There are no words to express the anger I felt upon seeing vandalized headstones in a Jewish graveyard. Seeing it in St. Louis sickened me. Seeing it in my Philadelphia backyard turned the sickness into a disease.

I railed against it on my radio show, posted about it on my Facebook page, demanded that President Trump go further and with greater fury in condemning these hateful acts of prejudice. This is the stuff that corrodes our communal spirit. Fortunately, it's an easy and obvious evil.

But there are more dangerous types of bigotry: The kind that hide behind sober statements at community meetings and sterile zoning objections. That brand of bigotry is specifically designed to fly under the average radar, and when someone with heightened sensitivity to these things picks up a muffled but steady signal, she will be told she's a snowflake.

But at the risk of looking like an enraged and middle-aged Elsa, this snowflake is not about to let bigotry go unobserved.

Villanova University is my alma mater. It is a Catholic institution infused with and informed by Augustinian principle. When it awarded me my law degree exactly 30 years ago this coming May, I was convinced this was an education that had bridged the scholarly and the spiritual.

Villanova is planning a bridge to connect one part of the campus to another.  It will span Lancaster Avenue in Radnor Township and is designed to allow safe passage for the students at this, I'm repeating myself here, Catholic university.

As part of the bridge, the design provides for wo 4-foot, 7-inch crosses placed on stone pillars at either end of the structure.  In a normal world, a Catholic university using its own money to place crosses on structures that will be situated on its own property would not make it to page one of the local papers.

But, as we have seen with the vandalism of Jewish cemeteries, we are no longer in a normal world. Somehow, Villanova's architectural plans have become controversial. There are those questioning whether the crosses will pose a safety issue if students climb on them - as if drunken 'Nova frat boys in stupors will try and impale each other on the dangerous religious symbols.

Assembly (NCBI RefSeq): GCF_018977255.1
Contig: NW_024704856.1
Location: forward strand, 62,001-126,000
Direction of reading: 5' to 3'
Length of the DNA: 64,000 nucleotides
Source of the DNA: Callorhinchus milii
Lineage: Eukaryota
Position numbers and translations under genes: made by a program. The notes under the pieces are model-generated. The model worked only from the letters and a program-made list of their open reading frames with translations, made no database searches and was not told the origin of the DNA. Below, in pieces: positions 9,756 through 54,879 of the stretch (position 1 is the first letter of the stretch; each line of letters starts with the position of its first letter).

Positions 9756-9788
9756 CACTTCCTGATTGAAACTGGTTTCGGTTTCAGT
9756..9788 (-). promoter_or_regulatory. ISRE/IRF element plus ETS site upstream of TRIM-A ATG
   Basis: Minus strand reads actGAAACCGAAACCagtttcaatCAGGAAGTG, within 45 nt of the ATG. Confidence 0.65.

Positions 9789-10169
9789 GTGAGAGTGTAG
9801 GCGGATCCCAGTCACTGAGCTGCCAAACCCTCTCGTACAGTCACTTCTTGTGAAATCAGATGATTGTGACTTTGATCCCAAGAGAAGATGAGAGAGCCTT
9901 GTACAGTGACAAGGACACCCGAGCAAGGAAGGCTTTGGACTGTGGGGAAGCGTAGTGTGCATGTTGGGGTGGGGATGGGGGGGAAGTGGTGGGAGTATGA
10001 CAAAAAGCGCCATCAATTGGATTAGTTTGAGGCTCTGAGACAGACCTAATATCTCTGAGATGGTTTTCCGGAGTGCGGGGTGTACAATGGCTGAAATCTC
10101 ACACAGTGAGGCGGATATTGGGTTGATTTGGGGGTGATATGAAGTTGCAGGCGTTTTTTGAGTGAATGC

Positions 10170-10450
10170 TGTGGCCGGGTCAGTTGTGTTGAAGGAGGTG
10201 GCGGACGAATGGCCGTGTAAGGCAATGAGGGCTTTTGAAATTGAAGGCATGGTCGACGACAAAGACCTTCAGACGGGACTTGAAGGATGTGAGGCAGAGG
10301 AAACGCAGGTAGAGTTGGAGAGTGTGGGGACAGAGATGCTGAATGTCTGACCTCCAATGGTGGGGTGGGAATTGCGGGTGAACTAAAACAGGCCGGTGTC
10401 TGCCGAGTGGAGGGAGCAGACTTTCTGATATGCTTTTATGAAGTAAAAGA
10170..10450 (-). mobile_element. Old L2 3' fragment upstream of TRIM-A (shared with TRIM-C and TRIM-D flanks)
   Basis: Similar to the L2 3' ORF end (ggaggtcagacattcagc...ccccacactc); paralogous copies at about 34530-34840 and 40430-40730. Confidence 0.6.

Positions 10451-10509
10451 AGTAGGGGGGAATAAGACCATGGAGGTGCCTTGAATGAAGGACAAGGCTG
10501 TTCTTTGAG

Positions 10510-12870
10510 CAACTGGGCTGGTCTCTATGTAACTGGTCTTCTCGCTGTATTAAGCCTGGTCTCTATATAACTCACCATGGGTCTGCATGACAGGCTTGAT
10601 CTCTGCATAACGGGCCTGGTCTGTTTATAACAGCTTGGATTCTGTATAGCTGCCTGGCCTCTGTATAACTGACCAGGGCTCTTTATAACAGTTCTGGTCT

They didn't actually put it that way, but you get the hidden meaning behind comments such as this from a member of the local League of Women Voters: What risks, both real and imagined, might be incurred through such ornamentation? Since young adults can act in unpredictable ways, are adequate safeguards in place to prevent students being injured through their own actions, or those of others?

And then there are comments like this, from a concerned Radnor Township citizen worried that this verdant part of the Delaware Valley will be turned into the Holy Roman Empire:  "I think they are overstepping their sense of ecumenism to shove these crosses in our faces.

Yes, the school is forcing the poor neighbors to convert to Catholicism which, as we all know, is done simply by exposing drivers and pedestrians to large crosses. Non-Catholics can be forgiven for not knowing those tricks we papists have under our sleeves.  It's how we deal with dwindling numbers, silly people!

By this point you are probably not amused. That's okay,because neither am I. It's inconceivable to me that people would have a legitimate problem with a Catholic university that has given so richly to the surrounding community erecting a symbol of its faith on a structure that will actually heighten the safety of students and anyone else who chooses to use the walkway.

How petty of these neighbors to condemn the school for living its faith in public.  How wrong for them to question whether a cross on a bridge on a campus owned by a Catholic University somehow violates the First Amendment. How nitpicking of these Radnor Township elders to have a "problem" with crosses in the open air.

I really do think this has to do with anti-Catholicism, and those who would push back and call me crazy are entitled to their views.  But consider that the reason opponents are upset about the bridge has nothing to do with real safety issues, because there are none. The bridge itself is to protect pedestrians from having to cross a busy intersection.

The reason that people are angered about this bridge is because it will raise visible crosses against the horizon. People don't like that. They can say that they wouldn't like Stars of David or Crescents looming over their treetops either, and when that happens I'll write a nice column about anti-semitism and Islamophobia.

But the language being used, both veiled and overt, proves to me that some people don't like being reminded that a Catholic, Christian university is in their backyards.

They don't like the idea that papists are proud of their faith, and want to announce it to the world.  They don't, as that concerned Radnor Township citizen noted, want the church to "shove its crosses" down their throats.

People who knock over Jewish headstones are bigots.

People who deface Mosques, are bigots.

And people who don't want crosses shoved in their faces live in that same, ugly neighborhood.